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[ACCRA] Ghana will experience increased flooding brought on by rising sea levels caused by global warming, a modelling study has predicted.

The study, published in Remote Sensing last month (7 September), says that about 650,000 people and almost 1,000 buildings in the three communities in the Dansoman area of Accra will be vulnerable to permanent flooding by 2100, as the shoreline recedes by more than 200 metres.

The study says natural and industrial sites will be submerged, and buildings made of commonly used sandcrete — building material made of cement and sand — will be destroyed by flooding. This will cause disease outbreaks, population displacements, loss of land and biodiversity, and decreased fishing catch and earnings, it says.

Based on a SimClim — a computer model system for examining the effects of climate variability and change over time and space — it says this scenario is likely to affect negatively the nearby Densu Ramsar wetland zone, a multi-million dollar salt industry, and local fisheries and farms. The study also revealed that local communities have no systems in place to help them adapt to the problem.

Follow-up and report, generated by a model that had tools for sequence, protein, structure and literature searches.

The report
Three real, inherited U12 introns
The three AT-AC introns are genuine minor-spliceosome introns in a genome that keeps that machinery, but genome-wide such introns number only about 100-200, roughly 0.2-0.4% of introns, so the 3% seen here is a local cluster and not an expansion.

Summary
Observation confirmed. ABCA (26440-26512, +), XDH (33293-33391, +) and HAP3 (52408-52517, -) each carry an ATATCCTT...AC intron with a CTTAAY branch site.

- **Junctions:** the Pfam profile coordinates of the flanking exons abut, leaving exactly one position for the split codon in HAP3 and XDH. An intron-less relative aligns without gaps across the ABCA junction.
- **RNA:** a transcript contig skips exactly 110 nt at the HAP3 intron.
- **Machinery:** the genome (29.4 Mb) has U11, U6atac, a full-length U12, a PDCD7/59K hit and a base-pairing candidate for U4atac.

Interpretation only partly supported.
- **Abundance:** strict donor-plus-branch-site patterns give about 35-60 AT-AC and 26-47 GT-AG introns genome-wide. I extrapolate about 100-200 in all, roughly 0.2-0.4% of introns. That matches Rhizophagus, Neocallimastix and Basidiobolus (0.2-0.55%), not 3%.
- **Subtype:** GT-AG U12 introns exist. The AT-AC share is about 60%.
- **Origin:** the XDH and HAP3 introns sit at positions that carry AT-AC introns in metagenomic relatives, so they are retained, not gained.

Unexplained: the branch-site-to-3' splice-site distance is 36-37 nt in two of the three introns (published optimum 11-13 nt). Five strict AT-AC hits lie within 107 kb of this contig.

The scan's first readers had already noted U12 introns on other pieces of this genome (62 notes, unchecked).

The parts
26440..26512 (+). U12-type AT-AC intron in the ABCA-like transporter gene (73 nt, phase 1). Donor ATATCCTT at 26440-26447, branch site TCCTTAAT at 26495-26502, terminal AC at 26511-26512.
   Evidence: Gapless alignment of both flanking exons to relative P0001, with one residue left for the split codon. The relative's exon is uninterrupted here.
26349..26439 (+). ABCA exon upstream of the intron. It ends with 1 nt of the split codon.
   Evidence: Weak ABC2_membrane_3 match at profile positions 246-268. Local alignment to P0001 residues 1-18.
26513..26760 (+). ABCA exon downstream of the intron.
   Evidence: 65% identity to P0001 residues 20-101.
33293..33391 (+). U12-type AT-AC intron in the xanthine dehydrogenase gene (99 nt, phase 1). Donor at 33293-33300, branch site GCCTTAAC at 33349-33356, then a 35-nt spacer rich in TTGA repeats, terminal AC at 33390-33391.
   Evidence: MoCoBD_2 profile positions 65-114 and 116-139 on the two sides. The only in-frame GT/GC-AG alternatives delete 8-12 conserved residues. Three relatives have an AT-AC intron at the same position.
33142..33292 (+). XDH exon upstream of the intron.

Kwasi Appeaning-Addo, the lead author from the University of Ghana, told SciDev.Net that the study was mainly motivated by a public outcry over perennial high tides. His team wanted to contribute to knowledge about providing sustainable management and development strategies that deal with the problem.

The study could inform policy planning, said Appeaning-Addo. "The time to act is now," he added.

According to Ghana's Hydrological Services Department, the ocean claims 1.5 2 metres of Ghana's 539 kilometre coastline annually, with the most risky areas recording four metres.

Kwabena Kankam-Yeboah, the principal research scientist at the Water Research Institute, in Ghana, said that the main way of dealing with surges of the sea predicted in the study is to adhere strictly to land-use policy and scientific engineering.

But he added the model used in the study was designed elsewhere for climatic conditions different from those in Ghana, which raises questions about its applicability.

Carl Fiati, officer in-charge of marine resources and coastlines in the Ghana Environmental Protection Agency, said that, although climate change is real, studies have not yet proved that rising sea levels and high tidal waves experienced in Ghana are caused by rising temperatures and changing climate.

Link to full paper in Remote Sensing  [2.02MB]


Remote Sensing doi:10.3390/rs3092029 (2011)